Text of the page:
Oct 23rd 2011 6:04PM It completely replaces them. They have reacted to cookie cutter builds causing people to have mostly the same abilities by giving taking builds out and giving everyone exactly the same abilities. :-P
Takeaway message: meaningful choice is hard to balance around.
Oct 23rd 2011 2:53AM I must be alone in despising the new Deadmines. In my opinion, it's become the Oculus of Cataclysm because it takes to darn long to run and the Super Mario poison sequence gets really, really old if you have to do it as your random every day* even though you're playing WoW because twitch games are for younger folks.
*Actually that's my wife, not me. My "every single day" Cata instances are Lost City of Tol'vir and Halls of Origination, which I'm pretty much fine with. Hers are Deadmines and Grim Batol, and she is really not the Super Mario type. (Nor am I.)
Deadmines also seems to attract sloppiness and wipes because people (sadly including me when we run together and she puts us in queue) are in such a desperate hurry for it to be over.
Oct 22nd 2011 6:37PM So it took Illidan awhile to run back from the graveyard. What's the issue?
Oct 21st 2011 5:26PM I think I must be reading this wrong, because my takeaway was:
We don't like cookie cutter talent builds so we took out talents and replaced them with six "flavor points." Choosing between these new "talents" doesn't appear to be particularly gameplay-affecting, and indeed that seems to be on purpose. They don't vary per spec, which means they either don't have a major effect/difference or there is one right choice per spec. The article gives the example of "pick one of three different ways to run faster" which seems to back this up.
Isn't making sure every class/spec has exactly the same abilities *more* cookie cutter than before?
What am I not understanding about this?
- Asked as a person who succeeds in the game with characters that often have at least one seriously-not-cookie-cutter talent spec.
Oct 21st 2011 4:52PM Skarn, unless you have some documentation you can link to back you up, I think you should take a breath and calm down.
As you yourself have already posted, this new 12 month subscription is $180.
As others have already posted, the existing 6 month subscription is $77.94.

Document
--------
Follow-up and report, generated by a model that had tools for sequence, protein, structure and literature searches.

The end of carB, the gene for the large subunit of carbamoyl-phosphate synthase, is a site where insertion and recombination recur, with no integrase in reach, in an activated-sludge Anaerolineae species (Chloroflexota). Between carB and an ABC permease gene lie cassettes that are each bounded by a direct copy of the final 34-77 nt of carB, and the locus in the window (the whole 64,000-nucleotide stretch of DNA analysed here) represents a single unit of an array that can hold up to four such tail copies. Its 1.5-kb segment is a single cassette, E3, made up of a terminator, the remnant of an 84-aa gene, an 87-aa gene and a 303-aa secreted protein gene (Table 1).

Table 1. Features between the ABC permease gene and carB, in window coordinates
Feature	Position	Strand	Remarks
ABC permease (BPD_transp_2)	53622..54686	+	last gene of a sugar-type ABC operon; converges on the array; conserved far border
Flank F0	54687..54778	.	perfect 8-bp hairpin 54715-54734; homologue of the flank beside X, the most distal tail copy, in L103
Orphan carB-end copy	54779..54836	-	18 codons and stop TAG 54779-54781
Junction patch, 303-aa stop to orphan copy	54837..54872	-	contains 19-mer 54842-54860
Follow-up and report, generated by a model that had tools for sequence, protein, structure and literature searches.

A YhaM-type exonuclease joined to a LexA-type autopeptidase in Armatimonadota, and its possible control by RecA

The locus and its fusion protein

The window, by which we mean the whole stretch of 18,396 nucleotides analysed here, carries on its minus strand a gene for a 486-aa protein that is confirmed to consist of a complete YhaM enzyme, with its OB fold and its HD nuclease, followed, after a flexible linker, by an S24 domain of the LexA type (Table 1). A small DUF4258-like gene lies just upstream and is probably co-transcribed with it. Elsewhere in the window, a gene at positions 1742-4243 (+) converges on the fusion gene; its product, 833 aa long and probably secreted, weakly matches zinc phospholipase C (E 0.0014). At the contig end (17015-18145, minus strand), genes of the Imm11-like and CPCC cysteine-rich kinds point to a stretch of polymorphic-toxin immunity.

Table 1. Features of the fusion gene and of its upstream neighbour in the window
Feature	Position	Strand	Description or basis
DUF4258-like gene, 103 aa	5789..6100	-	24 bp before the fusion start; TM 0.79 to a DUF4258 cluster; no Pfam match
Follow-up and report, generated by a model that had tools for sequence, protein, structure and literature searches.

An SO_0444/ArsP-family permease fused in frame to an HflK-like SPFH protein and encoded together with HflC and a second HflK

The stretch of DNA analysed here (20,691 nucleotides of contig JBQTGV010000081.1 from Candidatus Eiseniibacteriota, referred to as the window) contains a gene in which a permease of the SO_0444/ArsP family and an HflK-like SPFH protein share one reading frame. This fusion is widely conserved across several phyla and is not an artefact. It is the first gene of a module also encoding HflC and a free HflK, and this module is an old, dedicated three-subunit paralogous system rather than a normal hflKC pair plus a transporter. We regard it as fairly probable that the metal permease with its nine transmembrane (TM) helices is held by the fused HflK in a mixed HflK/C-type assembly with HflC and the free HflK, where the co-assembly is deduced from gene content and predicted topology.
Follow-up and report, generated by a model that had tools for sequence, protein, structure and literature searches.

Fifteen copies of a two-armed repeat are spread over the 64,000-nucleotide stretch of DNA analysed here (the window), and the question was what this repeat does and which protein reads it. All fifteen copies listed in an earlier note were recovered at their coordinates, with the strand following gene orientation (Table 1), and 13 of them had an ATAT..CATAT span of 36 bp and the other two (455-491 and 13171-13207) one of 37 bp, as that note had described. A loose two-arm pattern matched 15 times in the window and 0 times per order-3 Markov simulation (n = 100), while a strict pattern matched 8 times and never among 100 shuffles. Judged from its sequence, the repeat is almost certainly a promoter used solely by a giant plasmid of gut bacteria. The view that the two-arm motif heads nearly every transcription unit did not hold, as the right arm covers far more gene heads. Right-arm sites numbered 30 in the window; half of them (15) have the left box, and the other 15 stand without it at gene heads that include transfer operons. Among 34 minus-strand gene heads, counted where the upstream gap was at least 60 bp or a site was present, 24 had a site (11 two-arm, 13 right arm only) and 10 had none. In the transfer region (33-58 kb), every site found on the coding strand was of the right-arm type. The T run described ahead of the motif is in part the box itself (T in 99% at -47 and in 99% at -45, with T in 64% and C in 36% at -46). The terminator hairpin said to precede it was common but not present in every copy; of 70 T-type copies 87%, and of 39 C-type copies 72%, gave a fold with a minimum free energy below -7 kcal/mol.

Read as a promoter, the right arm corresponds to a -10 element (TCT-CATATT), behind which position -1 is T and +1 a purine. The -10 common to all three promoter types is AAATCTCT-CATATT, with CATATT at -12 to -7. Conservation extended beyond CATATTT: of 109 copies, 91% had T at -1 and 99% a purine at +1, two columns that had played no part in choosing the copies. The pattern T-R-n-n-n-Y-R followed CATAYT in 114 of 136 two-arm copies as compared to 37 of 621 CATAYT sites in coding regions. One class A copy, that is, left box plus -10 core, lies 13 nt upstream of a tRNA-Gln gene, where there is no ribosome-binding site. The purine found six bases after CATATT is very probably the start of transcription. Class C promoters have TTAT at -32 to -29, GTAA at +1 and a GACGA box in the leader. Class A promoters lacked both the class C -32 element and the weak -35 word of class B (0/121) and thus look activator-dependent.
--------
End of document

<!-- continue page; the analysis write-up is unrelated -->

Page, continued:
$77.94 x 2 = $155.88
Thus, the 12month subscription DOES cost $180 - $155.88 = $24.12 MORE than two six month subscriptions, or, as I posted, roughly the typical retail price of flying mounts.
I understand you think it can be paid for some other way, but there's nothing you can link to to back you up. And plenty of people are having the same experience as me, which is that if you are on a six month plan or a time card user, you are being told you are NOT ELIGIBLE.
Oct 21st 2011 4:24PM I love how the price is a total freakin' secret. It's not on the splash page, it's not in the FAQ, not in the walkthrough, it's not in the announcement. The only clue I have is that comments here from people who've signed up for it.
I assume this is because when you drill into it, it seems they are charging more per month for a 12 month subscription than they currently are for a six month subscription. Which is a lousy deal. Longer term, lower price, that's how it's supposed to work. (Shiny! Don't look at that! Look at the shiny!)
I'm not saying it's a bad deal. I'm saying that when they give you free stuff to convince you to pay a higher price than they charged yesterday, that stuff isn't free. The mount is basically full price ($25) and Diablo 3 is free. So it could be a good deal, but basically only if you were planning to be subscribed to WoW the whole time anyway.
Oct 17th 2011 5:10PM One of the things I like to point out in situations similar to what "Trying to Win" describes where somebody wants to take all the blame in order to avoid ruffled feathers (or in some cases where people want to argue over whose minor mistake was the reason we wiped) is that, on the next run-through, there's something *every* person present can do different or better. This sometimes help get the discussion onto the topic of how to improve without focusing on blame or hurting people's feelings. ("Let he who is without sin cast the first stone.")
People who refuse to admit they did anything imperfectly (or that they ever make mistakes) are generally so poisonous to be around that running with them tends to be counterproductive anyway.